NYU Journal of Law and Business hosts symposium on legal aftershocks of the global financial crisis
On Friday, January 22nd, the NYU Journal of Law and Business hosted its fifth annual symposium, “Legal Aftershocks of the Global Financial Crisis.” Continuing the Journal’s tradition of addressing timely issues at the intersection of law and business, the day-long event brought together three all-star panels of legal scholars and practitioners to discuss the aftermath of the 2008-2009 financial crisis.
The symposium drew approximately 330 guests to listen to and interact with panels moderated by William Allen, director of NYU Pollack Center for Law & Business; Geoffrey Miller, director the Center for the Study of Central Banks and Financial Institutions; and Barry Adler, Bernard Petrie Professor of Law and Business. Professor Jesse Fried of Harvard Law School was Friday’s keynote speaker; Fried’s colleague and co-author of Pay Without Performance, Professor Lucian Bebchuk, addressed an audience the previous evening. Both Fried and Bebchuk discussed issues of executive compensation, its role in the financial crisis, and the need to align compensation with long-term incentives.
Fried and Bebchuk argued that the cability of executives to reap large amounts of compensation based on short term results created perverse incentives that helped drive financial firms to the brink of collapse. “When we wrote our book five years ago, we warned that executive pay arrangements were excessively pegged to short term gains,” said Fried, “After the crisis of 2008-2009 there is now a more widespread recognition that there are large costs associated with pay structures that are too focused on the short term.”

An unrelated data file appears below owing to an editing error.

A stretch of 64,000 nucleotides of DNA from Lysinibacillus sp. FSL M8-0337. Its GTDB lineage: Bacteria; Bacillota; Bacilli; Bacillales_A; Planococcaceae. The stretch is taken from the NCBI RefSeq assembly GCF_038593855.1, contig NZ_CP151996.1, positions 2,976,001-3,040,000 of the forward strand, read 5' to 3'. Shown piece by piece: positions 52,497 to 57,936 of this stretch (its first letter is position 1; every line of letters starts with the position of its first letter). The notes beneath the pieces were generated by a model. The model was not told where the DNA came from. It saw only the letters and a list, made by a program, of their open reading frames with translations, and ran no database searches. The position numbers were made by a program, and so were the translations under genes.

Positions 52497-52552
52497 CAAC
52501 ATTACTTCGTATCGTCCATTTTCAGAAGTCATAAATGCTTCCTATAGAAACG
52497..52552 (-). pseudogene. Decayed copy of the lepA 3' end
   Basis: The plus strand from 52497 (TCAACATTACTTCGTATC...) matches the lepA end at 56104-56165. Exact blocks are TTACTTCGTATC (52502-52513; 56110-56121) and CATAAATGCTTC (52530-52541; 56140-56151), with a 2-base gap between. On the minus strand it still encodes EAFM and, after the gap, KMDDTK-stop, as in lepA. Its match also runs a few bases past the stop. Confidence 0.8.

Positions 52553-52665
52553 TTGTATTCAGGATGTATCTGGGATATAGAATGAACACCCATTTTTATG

The first panel, moderated by Allen, addressed corporate governance after the financial crisis, its relationship to the crisis, and the prospects of enhanced shareholder power. Panelists included Carol Bowie, head of RiskMetrics Group‘s Governance Institute; John Coates, professor of law and economics at Harvard Law School; Justice Jack Jacobs of the Delaware Supreme Court; Vice Chancellor Stephen Lamb, partner at Paul, Weiss, Rifkind, Wharton & Garrison and retired vice chancellor of the Delaware Court of Chancery; and Theodore N. Mirvis, partner at Wachtell, Lipton, Rosen & Katz.
The second panel, moderated by Miller, addressed reform of the financial industry, including Congressional legislation and the actions of the Federal Reserve. Panelists included Joyce Hansen, deputy general counsel and senior vice president of the Federal Reserve Bank of New York; John Coffee, professor and director of the Center on Corporate Governance at Columbia Law School; H. Rodgin Cohen, senior chairman of Sullivan & Cromwell; Annette Nazareth, partner at Davis Polk & Wardwell; and Bradley Sabel, partner at Shearman & Sterling.
The third and final panel was moderated by Adler and focused on bankruptcy and restructuring of financial institutions as well as issues surrounding the concept of “too big to fail.” Panelists included William Ackman, founder and CEO of Pershing Square Capital Management; Marcia Goldstein, partner and chair of the Business, Finance & Restructuring Department of Weil, Gotshal & Manges; the Honorable Arthur Gonzalez, Judge of the United States Bankruptcy Court of the Southern District of New York; Michael Krimminger, special advisor for policy to the chairman of FDIC; and Edward Morrison, professor of law and economics at Columbia Law School.
Posted February 5, 2010